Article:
Sometimes the simplest meals are the best. I was reminded of that yesterday evening, when I was simmering elderberries with aromatics for elderberry syrup, a soothing medicinal. The elderberries had to infuse slowly, and that required tending.
So what to fix for dinner? I had spicy Italian sausages in the refrigerator and butternut squash from the garden. And plump red onions in the basement bin. In my world, that’s called dinner.
After prepping, all 3 went onto a sheet pan. Salt, pepper and a drizzle of olive oil was all it took to get it oven ready.
Paired with a side of farro, this was a satisfying supper.
Now you might not be crunched for time because you’re making “potions” like me, but there are times when you’re busy doing something and before you know it, tummies are rumbling and hungry. This easy meal checks all the boxes.
Oh, and talking about potions reminds me that Halloween is not far away. This dinner is a “spooktacular” choice for giving little, and big, goblins, lots of energy for trick or treating and partying.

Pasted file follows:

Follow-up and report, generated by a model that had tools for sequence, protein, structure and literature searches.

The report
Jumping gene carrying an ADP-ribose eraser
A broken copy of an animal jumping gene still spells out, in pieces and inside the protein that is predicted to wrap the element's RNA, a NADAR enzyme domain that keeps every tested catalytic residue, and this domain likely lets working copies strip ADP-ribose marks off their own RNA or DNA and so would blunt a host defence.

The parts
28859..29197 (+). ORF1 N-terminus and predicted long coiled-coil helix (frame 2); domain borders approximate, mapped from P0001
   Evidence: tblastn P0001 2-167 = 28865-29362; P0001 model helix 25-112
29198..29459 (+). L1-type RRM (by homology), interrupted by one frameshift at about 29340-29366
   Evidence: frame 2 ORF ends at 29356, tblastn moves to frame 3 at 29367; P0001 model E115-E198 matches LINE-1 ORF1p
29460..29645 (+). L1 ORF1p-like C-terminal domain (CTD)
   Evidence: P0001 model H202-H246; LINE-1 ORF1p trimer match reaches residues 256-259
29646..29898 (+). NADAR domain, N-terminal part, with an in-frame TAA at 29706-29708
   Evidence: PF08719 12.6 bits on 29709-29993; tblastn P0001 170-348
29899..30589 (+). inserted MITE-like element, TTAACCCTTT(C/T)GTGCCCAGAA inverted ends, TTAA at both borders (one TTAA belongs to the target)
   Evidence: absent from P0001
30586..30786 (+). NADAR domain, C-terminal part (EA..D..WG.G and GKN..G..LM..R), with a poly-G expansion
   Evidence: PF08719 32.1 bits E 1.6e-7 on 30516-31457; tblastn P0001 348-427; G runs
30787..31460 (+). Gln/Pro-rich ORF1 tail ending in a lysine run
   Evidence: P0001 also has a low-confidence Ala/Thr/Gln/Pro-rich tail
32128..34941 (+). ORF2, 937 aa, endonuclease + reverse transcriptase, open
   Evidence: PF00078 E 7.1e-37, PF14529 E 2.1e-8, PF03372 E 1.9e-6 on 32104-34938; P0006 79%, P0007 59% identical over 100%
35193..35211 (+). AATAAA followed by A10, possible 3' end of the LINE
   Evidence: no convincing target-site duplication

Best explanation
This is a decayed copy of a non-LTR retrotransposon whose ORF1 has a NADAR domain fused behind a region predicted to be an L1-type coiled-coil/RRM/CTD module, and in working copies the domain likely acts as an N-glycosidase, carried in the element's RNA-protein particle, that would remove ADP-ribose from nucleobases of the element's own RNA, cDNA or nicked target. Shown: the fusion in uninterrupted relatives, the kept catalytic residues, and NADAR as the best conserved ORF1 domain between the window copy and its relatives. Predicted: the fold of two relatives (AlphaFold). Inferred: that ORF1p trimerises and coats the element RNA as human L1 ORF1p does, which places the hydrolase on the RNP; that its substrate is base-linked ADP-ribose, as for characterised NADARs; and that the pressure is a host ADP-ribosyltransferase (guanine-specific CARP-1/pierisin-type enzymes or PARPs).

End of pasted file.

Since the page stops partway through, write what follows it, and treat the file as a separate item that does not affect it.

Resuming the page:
Sheet pan sausage with butternut and red onion
A riff on the trendy recipe for sausage with sweet potatoes, onions and bell pepper.
Use recipe as a guide, nothing set in stone here.
1 to 1-1/2 pounds large link Italian or spicy fresh sausage – I used hot Italian
2 butternut squash, peeled, seeded and chunked up (or sub pumpkin or sweet potatoes), 4 cups or so
1 large red or other onion, sliced
Salt, pepper and olive oil
Optional: parsley, lemon wedges, goat or feta cheese
Preheat oven to 400.
Lay squash in single layer on baking sheet.
Poke sausages and lay on top of squash.
Scatter onions on top.
Season, and drizzle oil all over.
Roast until sausage is done and squash is tender, 30 minutes or so.
Sprinkle with parsley and pass bowls of lemon and cheese
Farro, an ancient nutty tasting strain of wheat, is a good source of plant protein.
There are several kinds: the 3 most common are whole, semi-pearled and pearled.
The difference is in the processing, called “pearling”. That determines how much of the grain’s husk has been removed.
Whole farro is just that, a whole grain with entire husk and bran. It takes 50 minutes or so to cook.
Semi-pearled contains no husk and part of the bran is polished away, giving it slightly less nutrient value and milder flavor. It takes less time to cook, about 30 minutes or so.
Pearled farro is the most common with no husk and all bran polished away. It has less nutrients than the other 2 but cooks quickly, in about 15 minutes or so.
Pasta method of cooking farro
Cook farro until al dente (taste as you go) in lots of salted, boiling water just like pasta.
This gives it room to cook without getting gummy.
Delicious as is, but stir in some garlic, herbs, olive oil after draining.
A shower of parmesan or feta is pretty good, too.